Few lessons stick as well as actually doing something. You can hoist engagement of your learners up a notch with the addition of simulation exercises or “branching” scenarios. By adding branching to your courses, you can give learners choices like the ones they’ll face out there in the field. The idea is that they’re experiencing what feels like a real-world situation—handling an irate prospect, troubleshooting a product problem, getting somebody to make a buying decision right now. How they respond in those scenarios branches them to other choices. The decisions they make along the way eventually allow them to fail or succeed.
Specialized software such as Storyline 360 from Articulate, iSpring and BranchTrack provide the functionality you need to set up those problem-based learning activities. But the right LMS allows you to host the branching scenarios or simulations and track learner progress when published as a SCORM file.
Developing compelling content for your LMS isn’t hard. It requires a small investment in technology, some planning time and thinking about the learning objectives you want people to reach once they’ve gone through your lessons. The right LMS can help your company stay on track with its broader sales goals by making sure you have well-trained experts who understand your products.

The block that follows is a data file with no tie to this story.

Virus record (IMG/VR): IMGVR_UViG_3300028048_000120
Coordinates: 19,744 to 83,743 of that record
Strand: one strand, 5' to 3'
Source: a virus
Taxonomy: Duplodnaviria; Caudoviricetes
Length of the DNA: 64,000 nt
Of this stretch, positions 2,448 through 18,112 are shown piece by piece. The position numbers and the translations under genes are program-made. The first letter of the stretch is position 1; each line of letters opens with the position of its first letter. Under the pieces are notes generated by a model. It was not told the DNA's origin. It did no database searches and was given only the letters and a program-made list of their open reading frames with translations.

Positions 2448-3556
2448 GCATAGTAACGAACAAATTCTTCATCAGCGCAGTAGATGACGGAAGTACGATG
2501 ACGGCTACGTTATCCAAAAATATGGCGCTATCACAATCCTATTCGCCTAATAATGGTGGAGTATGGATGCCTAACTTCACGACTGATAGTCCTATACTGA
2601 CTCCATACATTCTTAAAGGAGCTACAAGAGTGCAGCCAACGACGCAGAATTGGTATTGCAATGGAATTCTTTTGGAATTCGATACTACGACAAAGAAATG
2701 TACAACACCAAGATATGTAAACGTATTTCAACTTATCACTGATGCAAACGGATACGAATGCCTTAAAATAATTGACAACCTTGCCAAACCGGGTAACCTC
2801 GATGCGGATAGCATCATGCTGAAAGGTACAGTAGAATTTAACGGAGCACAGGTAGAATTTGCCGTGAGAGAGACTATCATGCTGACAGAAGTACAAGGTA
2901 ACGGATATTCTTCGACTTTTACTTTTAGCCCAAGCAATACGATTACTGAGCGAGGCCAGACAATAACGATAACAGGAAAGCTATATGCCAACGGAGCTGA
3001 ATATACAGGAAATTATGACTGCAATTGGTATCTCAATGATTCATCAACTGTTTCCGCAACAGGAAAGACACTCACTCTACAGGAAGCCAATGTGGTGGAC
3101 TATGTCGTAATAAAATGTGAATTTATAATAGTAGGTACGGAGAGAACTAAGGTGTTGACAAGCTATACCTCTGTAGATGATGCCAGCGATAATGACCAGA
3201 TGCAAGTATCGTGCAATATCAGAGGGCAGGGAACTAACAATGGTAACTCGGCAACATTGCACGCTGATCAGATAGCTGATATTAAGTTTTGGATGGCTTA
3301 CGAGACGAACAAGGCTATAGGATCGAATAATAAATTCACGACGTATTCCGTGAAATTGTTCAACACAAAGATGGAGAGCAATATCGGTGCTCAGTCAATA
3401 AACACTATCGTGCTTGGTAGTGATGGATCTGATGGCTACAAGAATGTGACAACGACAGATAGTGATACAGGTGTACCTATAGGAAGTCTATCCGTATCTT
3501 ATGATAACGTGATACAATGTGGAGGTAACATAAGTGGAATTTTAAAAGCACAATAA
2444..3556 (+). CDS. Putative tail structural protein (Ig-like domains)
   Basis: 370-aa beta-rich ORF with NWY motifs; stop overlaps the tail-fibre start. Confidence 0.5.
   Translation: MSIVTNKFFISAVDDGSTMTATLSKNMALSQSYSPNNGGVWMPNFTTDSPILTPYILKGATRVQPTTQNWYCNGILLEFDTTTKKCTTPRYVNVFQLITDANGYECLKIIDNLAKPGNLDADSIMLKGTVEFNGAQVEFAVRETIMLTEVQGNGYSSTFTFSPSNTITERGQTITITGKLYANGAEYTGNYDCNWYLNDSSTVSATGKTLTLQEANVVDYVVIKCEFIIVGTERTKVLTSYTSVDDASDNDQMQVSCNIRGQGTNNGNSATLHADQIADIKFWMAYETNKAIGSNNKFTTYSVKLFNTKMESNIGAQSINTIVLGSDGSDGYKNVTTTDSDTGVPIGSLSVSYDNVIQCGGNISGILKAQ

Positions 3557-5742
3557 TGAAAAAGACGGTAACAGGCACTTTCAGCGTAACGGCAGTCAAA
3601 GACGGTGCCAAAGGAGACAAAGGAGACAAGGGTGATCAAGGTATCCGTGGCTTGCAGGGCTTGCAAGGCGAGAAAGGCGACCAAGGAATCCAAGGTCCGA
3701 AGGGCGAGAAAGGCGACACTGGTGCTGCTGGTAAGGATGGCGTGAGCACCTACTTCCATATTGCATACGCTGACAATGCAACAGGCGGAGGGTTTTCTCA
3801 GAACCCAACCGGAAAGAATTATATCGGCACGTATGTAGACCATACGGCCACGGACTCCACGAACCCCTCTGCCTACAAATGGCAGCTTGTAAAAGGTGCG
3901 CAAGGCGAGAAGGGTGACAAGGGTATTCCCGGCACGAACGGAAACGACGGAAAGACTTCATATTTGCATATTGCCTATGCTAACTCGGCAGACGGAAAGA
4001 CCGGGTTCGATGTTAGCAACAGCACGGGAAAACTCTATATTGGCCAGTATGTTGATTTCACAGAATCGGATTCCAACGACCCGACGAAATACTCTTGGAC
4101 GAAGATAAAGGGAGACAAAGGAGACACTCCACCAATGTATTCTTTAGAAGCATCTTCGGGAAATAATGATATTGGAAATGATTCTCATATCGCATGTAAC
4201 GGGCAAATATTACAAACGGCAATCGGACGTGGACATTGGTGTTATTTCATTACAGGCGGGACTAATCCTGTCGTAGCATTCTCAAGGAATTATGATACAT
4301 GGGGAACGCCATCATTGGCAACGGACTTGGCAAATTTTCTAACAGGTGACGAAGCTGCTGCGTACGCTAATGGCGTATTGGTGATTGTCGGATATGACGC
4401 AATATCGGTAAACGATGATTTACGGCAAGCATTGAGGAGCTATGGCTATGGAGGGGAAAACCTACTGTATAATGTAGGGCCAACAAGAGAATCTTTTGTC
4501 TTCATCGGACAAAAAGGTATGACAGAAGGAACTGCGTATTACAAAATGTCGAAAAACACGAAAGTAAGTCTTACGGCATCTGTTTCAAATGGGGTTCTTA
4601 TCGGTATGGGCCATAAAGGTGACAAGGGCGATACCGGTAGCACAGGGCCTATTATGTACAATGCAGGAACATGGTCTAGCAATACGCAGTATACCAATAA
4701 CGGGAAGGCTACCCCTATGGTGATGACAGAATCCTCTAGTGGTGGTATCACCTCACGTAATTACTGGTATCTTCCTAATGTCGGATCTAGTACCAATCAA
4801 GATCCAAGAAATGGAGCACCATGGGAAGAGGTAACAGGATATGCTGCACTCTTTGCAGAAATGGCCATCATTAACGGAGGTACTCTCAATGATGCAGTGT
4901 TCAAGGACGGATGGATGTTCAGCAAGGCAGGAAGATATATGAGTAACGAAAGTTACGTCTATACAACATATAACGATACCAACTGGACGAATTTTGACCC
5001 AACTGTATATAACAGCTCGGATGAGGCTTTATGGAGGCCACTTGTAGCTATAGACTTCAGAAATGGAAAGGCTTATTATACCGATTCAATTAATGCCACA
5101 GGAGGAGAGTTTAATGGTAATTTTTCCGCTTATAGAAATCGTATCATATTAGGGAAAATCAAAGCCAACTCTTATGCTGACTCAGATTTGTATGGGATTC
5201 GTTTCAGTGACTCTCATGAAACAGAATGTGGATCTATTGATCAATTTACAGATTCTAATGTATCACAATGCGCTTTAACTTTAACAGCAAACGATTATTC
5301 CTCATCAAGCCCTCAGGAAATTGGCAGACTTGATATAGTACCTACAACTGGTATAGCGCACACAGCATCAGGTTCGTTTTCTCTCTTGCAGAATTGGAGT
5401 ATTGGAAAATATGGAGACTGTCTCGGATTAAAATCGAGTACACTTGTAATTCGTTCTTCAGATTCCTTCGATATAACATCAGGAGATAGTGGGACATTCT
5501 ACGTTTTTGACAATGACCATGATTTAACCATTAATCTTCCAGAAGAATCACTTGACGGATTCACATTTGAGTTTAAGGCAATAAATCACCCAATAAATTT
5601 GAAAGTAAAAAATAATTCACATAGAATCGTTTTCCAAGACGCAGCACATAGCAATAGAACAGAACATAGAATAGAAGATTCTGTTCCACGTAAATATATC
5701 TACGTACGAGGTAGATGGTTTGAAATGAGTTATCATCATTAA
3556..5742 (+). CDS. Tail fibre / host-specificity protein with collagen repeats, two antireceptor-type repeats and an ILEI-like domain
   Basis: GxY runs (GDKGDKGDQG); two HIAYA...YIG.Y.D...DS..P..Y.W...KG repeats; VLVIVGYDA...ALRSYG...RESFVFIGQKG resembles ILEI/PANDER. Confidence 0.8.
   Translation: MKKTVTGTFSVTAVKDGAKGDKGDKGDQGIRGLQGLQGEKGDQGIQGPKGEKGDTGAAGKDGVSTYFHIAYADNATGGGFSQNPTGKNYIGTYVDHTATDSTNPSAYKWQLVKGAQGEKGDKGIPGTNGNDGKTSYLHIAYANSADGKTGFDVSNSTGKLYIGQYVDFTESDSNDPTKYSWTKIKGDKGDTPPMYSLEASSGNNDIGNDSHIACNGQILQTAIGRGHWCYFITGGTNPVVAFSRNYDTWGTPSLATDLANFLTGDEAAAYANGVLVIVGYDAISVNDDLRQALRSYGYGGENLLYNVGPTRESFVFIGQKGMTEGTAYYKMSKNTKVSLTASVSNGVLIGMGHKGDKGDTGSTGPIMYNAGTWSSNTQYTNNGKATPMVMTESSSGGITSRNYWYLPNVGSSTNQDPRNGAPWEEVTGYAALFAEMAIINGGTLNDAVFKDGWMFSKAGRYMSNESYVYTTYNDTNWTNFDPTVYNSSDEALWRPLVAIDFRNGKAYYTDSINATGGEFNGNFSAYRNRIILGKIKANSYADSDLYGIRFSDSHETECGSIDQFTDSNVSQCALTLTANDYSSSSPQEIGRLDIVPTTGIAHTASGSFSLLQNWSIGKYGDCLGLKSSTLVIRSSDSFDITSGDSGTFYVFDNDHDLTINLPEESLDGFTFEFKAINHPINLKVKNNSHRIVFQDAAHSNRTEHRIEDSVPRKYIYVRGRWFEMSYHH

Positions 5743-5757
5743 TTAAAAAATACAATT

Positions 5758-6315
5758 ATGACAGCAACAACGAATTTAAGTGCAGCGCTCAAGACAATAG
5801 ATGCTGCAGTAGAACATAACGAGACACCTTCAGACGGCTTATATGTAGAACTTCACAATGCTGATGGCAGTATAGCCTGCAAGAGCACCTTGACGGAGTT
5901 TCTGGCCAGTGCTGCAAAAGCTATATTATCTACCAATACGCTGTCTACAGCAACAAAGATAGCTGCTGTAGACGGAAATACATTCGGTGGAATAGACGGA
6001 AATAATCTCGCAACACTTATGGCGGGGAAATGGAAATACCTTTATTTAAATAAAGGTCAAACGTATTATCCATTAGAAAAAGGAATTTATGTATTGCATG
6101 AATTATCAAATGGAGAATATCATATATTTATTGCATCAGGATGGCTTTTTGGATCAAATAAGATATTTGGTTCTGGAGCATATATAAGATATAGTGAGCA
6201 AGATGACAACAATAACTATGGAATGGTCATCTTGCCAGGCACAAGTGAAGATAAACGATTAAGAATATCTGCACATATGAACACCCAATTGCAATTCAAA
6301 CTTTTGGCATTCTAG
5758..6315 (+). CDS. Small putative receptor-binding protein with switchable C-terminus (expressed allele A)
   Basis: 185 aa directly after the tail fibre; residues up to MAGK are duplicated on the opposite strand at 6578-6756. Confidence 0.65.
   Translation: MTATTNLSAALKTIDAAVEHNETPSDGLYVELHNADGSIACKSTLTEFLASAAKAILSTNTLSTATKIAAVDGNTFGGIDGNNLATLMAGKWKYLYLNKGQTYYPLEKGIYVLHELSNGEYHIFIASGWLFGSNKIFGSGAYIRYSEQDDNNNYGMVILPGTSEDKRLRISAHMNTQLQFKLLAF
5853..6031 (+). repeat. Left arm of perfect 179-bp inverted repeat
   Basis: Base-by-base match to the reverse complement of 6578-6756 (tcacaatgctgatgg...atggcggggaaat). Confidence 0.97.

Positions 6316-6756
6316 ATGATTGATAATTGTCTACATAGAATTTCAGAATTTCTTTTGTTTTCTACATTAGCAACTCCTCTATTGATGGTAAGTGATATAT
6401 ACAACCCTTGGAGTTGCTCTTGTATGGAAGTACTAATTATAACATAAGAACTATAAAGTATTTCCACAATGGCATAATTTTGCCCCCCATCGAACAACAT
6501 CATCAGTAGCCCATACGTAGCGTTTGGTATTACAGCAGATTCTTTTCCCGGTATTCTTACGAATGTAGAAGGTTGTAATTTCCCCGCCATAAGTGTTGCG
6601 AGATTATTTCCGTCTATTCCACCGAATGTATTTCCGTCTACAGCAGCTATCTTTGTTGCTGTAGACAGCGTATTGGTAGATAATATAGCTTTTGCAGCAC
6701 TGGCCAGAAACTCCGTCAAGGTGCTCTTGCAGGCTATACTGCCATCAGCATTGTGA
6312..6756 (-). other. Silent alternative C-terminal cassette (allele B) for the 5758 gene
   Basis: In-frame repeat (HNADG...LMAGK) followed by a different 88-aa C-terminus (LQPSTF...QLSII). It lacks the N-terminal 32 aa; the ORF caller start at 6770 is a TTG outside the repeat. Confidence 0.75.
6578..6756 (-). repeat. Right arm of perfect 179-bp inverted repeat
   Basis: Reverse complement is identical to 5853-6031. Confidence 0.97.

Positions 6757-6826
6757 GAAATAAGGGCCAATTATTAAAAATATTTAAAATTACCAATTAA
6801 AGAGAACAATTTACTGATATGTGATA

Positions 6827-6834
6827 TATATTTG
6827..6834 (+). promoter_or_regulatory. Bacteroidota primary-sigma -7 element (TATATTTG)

With a YouTube Channel, Do You Really Need an LMS Too?
Yes, you do.
If you’re already posting videos or recorded webinars on a YouTube channel and have built a loyal following of viewers, you may wonder why you’d even need an LMS. After all, can’t those who are interested in learning how to use your products already find your content? And can’t you track various statistics on how many people have viewed your videos?
Beyond the capability of hosting videos and counting viewership, the best LMSs also offer numerous data tracking features. Say you offer a program to certify that your channel partners have received service training requiring them to take multiple courses, YouTube has no way of recording that and reporting it back to the learner, the learner’s manager or you, as the content provider.